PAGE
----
Why Shad is an ideal choice for CBC’s Q

Newsmaker, March 11: The award-winning rapper is a great choice to host the marquee culture show. Will a great idea in theory work in execution?

Rapper Shad is shown in an interview with The Canadian Press in Toronto on Thursday October 17, 2013. (Frank Gunn/CP)

Rapper Shad is shown in an interview with the Canadian Press in Toronto (Frank Gunn/CP)

And so the chair has been filled. CBC Radio’s arts and culture radio show Q, rocked by controversy ever since its host, Jian Ghomeshi, was accused and subsequently charged with sexual assault, has found its new host among more than 200 applicants—and it’s Shadrach Kabango, also known as the 32-year-old Vancouver emcee Shad, who impressed during his weeklong stint of guest-hosting to keep the high-profile job for good.

Despite a brief and horrible controversy over his guest stint—some on Twitter railed against his “use of slang” and, inexplicably, didn’t feel as though a hip-hop artist belonged on a CBC show—this remains a perfect choice. In Shad, CBC has found an outsider, badly needed, given the multiple reports of a toxic work environment within the Mother Corp. (That said, he does have an extremely tangential relationship with the former host; one of his standout singles from his last album was Remember to Remember, a track featuring Lights, represented by Ghomeshi and his music label.) Shad’s also a musician, which Ghomeshi was and, therefore, comes with insights into the industry about which he speaks. He’s also an artist who is essentially Canadian, a Kenyan-born immigrant who has rapped nimbly and sagely about Aboriginal issues, love and feminism, among other things. (The news, of course, is great for Shad, but not so good for fans of his music; one assumes his musical output will slow.)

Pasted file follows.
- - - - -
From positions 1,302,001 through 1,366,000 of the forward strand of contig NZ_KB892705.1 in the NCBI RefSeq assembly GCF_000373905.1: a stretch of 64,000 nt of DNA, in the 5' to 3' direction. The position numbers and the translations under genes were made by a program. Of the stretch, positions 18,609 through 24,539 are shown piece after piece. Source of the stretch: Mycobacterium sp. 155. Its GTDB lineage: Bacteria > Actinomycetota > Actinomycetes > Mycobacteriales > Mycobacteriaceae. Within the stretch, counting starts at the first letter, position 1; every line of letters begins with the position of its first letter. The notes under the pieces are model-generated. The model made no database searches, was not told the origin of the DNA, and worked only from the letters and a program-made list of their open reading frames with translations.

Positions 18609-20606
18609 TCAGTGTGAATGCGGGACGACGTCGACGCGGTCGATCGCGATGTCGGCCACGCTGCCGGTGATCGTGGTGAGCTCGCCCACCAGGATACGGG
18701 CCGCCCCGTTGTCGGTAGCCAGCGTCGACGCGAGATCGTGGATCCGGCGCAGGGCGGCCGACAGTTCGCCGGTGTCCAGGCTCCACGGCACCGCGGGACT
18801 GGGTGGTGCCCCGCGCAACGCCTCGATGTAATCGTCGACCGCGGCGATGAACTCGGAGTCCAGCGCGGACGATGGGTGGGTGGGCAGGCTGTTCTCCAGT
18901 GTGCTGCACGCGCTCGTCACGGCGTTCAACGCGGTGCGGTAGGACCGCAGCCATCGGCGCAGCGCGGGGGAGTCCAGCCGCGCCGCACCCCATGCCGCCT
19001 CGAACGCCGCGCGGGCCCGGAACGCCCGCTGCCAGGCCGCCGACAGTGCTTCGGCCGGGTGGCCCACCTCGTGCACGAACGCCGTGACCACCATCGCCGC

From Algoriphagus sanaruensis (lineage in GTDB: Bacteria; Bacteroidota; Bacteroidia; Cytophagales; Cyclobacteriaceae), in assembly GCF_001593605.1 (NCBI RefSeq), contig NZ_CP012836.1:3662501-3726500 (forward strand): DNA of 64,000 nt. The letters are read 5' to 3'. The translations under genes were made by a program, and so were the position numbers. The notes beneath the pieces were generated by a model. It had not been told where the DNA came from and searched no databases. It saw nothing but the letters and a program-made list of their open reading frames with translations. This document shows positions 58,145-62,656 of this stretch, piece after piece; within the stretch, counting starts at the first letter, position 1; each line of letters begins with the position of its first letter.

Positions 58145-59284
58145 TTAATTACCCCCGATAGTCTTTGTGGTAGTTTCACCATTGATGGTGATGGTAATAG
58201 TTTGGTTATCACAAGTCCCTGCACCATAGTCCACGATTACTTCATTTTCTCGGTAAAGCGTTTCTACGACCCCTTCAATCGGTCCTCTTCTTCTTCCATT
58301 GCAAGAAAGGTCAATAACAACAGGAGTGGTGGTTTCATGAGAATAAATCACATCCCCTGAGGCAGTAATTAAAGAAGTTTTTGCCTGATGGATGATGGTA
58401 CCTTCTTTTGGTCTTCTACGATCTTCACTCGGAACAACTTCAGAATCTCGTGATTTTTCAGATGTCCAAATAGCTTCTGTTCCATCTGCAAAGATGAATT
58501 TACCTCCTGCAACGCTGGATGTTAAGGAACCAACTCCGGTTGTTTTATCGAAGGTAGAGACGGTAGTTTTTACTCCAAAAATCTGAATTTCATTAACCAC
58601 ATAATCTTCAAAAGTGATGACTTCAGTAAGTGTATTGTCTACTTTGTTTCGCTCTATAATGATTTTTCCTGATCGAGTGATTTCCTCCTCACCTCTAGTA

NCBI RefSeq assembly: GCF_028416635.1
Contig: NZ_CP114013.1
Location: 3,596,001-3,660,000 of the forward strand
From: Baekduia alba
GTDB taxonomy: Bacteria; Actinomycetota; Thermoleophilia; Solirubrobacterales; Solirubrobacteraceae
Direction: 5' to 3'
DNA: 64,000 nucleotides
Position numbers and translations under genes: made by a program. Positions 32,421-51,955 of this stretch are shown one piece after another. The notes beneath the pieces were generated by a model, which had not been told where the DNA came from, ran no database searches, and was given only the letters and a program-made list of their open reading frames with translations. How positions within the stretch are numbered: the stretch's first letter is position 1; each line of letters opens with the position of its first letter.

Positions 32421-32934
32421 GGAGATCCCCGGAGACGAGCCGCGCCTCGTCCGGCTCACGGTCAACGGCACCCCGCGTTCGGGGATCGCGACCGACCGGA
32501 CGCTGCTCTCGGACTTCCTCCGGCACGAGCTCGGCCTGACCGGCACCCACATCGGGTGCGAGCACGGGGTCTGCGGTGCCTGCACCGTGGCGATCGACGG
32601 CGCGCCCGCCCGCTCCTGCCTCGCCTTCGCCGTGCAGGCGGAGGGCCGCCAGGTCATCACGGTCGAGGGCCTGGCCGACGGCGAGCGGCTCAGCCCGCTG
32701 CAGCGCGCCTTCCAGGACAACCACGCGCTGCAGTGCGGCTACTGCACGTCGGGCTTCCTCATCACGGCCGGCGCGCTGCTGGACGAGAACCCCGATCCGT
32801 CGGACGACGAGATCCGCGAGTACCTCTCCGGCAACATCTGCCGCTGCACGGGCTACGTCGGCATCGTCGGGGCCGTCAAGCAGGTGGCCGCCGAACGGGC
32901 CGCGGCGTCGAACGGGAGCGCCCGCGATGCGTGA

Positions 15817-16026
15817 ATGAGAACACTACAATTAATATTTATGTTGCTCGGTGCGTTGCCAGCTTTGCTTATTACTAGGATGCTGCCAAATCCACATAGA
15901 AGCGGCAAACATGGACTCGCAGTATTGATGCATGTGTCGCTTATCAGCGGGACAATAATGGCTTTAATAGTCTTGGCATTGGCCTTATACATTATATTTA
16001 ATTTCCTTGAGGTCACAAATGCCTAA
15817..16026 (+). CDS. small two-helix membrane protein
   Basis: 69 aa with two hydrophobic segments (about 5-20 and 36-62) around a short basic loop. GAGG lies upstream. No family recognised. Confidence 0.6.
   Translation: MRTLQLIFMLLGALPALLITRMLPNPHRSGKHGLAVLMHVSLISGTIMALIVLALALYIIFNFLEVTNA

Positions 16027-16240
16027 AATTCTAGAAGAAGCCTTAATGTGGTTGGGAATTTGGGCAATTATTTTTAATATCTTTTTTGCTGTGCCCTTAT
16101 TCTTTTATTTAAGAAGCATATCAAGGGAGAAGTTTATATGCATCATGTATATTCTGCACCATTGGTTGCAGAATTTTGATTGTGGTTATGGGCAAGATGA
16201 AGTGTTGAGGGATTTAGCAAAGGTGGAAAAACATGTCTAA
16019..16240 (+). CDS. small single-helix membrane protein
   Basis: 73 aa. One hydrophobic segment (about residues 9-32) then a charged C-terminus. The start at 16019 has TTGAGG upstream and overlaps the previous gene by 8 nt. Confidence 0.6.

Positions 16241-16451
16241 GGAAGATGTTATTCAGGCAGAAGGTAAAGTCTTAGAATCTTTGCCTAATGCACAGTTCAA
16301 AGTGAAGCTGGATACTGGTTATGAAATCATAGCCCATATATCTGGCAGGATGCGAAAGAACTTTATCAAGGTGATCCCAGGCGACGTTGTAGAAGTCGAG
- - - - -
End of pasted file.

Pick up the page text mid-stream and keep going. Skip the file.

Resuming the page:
So there’s no doubt this is a great idea. But a great idea in theory doesn’t always work in execution. And while he’s stormed many a stage with extreme charisma and confidence, this is as big a stage as it gets in the country; even people who had never listened to Q before, with Ghomeshi at the helm, will be interested to hear how this goes. Will Shad rise to the occasion?

And there is also the matter of his trial run, which was good, but not great. Take, for instance, this interview with Norm Macdonald, the stand-up comedian. Macdonald’s a rambler—par for the course, for comedians—and Shad largely allows him to do it, only occasionally popping in with questions that seemed to be less conversational and more stick-to-the-script. He very quickly loses control of his own interview, a reflection of the surprising fact that his hosting stint wasn’t nearly as assured as many (including me) imagined he would be behind a mic. Of course, there is the reality that the mics he’s rocked in the past are entirely different from the ones in the CBC Radio studio. But the fact is: While it’s wise to keep an artist at the helm, Ghomeshi worked at the CBC for years before hosting Q. So it raises the question: Can Shad pick up journalism skills while learning, on the fly, at one of Canada’s top jobs?

In the meantime, though, it sure looks as though Shad’s predictions for the year are coming true: We asked him, along with more than 100 other noteworthy Canadians, to supply 15 words that expressed his hopes for 2015. Here’s what Shad wrote:


Not bad, Shad, for some immigrants.


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